Friday, 5 November 2010

Bar staff rubbish, parts 1 & 2

In a Fuller’s bar I see that the guest beer is Red Fox and order a pint while making general chitchat about London Porter and asking when it’s the turn of said beer to be the seasonal choice. I’m told it’s in bottle, to which I reply that I know, but when it’s on hand pump (or even better in my view on keg). I don’t know comes the reply from the nice enough guy, I don’t know my ale; I like beer the right way, cold. Said with a smile and I bat back some niceties with a smile, rictus like, while thinking that it doesn’t matter what you like matey, but when you’re working a bit of information might be in hand. Then I’m in a Welsh food festival and I’m in the beer tent — try this beer I’m told, it’s all Cascade. Nice. And then there’s another that’s also got the same hop grist, but it’s totally different I’m told. I do as bidden and the second beer has a green apple note, acetaldehyde — crisp green apples lying in the supermarket, lying in wait at the front of my palate. A youngness of beer. I take it back, look about because I don’t like to declare to all and sundry my problem with a beer — I think this might have a fault I say, quietly and carefully, green apple, don’t you know. It’s meant to be like that comes the reply, have you been eating something, said with a calmness and friendliness. A couple more words said, but I don’t want to make a scene, maybe I’m wrong, and so I walk away and try the beer again. No good, I leave it on the table and order another brewer’s beer, which is magnificent. Interesting point —I don’t make a fuss because I respect the brewery but I wonder if I’m being a wuss, but it definitely had a green apple hint upfront of the palate, which I didn’t find enjoyable. You win some you lose some. 


  1. The Fuller's barman is being snotty and driving away trade - not good. (How many people are drawn in by the prospect of banter with the barman, vs the prospect of beer the way *they* like it?) But it's the "tastes all right to me" attitude that really drives me up the wall. I've had it several times with pints that were actually off - generally they'll give you a replacement, but only after making you feel like a hypercritical weirdo (and of course the offending beer stays on).

    Honourable mention for replacing the pint in a flash, turning the pump clip round straight away and actually apologising: Wetherspoon's. This has happened to me in two separate JDWs, so I think it may be company policy. Good policy if so.

  2. Funny what you said about not wanting to critisise. Years and years (possibly millenia)ago a new manager took over what was then my local (the Albert, SE25) from Binnie Walsh who now has the Harp in Covent Garden. She didn't drink beer, her husband, Don, was TT (rumour had it that he was a dried out alkie) but they kept a bl**dy excellent pint.
    Under the new regime the quality of the beer got worse and worse (except the Green King Abbott which was his favourite). I kept on commenting at first, things like "This beer's not up to scratch but it's just about acceptable", only to be told that "Everybody else is o.k. with it". As it got worse I started asking for it to be changed, only to be told that there was nothing wrong with it.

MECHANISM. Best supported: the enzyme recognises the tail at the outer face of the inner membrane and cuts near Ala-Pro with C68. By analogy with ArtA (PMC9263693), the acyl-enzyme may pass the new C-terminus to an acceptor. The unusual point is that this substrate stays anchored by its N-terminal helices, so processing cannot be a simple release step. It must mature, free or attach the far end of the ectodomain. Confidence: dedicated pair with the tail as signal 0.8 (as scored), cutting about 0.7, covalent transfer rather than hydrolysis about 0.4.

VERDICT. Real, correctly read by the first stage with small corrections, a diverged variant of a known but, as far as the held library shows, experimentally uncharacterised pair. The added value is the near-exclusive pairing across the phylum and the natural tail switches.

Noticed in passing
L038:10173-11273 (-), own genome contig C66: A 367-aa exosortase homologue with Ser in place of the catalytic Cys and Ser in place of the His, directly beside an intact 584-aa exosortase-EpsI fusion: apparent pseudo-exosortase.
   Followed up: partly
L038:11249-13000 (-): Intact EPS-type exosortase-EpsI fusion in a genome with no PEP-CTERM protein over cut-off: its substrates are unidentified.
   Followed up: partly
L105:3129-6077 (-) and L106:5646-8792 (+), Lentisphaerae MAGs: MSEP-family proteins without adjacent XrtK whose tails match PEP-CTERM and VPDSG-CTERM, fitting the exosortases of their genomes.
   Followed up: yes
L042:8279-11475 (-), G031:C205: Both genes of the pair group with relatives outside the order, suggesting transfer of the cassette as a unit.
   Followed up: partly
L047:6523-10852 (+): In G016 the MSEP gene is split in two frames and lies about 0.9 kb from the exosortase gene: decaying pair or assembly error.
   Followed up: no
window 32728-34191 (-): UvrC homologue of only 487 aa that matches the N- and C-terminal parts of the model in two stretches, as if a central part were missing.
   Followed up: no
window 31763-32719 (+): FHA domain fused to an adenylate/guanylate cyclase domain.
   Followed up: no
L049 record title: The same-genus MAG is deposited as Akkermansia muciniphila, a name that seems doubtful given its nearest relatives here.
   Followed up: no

As my social life (cricket club, post Scout meeting beers etc) revolved around t'Bert I went on to the Guinness (bottled if available). The main point of this is that I was beginning to doubt my own ability to tell a good pint from a mediocre one or a bad one.
    Fortunately said Landlord moved on to a pub in Selhurst after a while. I had great delight when I heard that he'd been outside up a ladder changing a light bulb over the pub sign which was up a foot square wooden post at the edge of the pavement when the bottom of the post broke and he tumbled down onto the tables on the forecourt breaking his collar bone. The brewery replaced the post with a concrete on as the reckoned the old one had gone rotten due to a century of dogs cocking their legs against it.

  3. With the price of beer nowadays I shall criticise it as much as I like. If you want almost four quid for a pint it's got to be good.

  4. On an ale acetaldehyde is more likely to come from Zymomonas than lack of maturation. It's unlikely that this originated in the brewery as Fullers have good micro control. So this pub ruined a perfectly good beer then refused to take responsibility. Not good.

  5. Stuart — wasn’t talking about Fuller’s beer, there are two stories there, part two is acetaldehyde or whatever, not Fuller’s (enjoying MR at moment)

  6. What Barm said. If I bought a sandwich for the thick-end of a fiver, I'd take it straight back if it smelt of old socks. Beer should be no different.

    Haven't had the "it's meant to be that way" for a while, mercifully. The last occasion was a few years back at a big Fullers in Southwark when I was handed a pint of vinegar soup. Ended up having to get the manager involved before my pint was changed.

    Cellaring in the capital is definitely better than it was.

  7. Funnily enough, I've just posted on a similar subject.

    generally they'll give you a replacement, but only after making you feel like a hypercritical weirdo<<

    Phil - I'm not sure if that's better or worse than being refused a replacement at all!?

  8. I realise you werent talking Fullers and their quality control is usually superb , but I tipped a bottle of Fullers IPA the otherday as it was an acetaldehyde bomb, not good.

  9. I've rarely managed to get any kind of chat from the staff in a Fuller's pub. There's also something worrying about ordering a bottled beer and having them look completely confused as if they've never heard of the product you've named: "1840 what?"; "1845. There, in the fridge behind you -- there are about 20 bottles of it. Like on the poster on the wall. And in the menu." Training, training, training....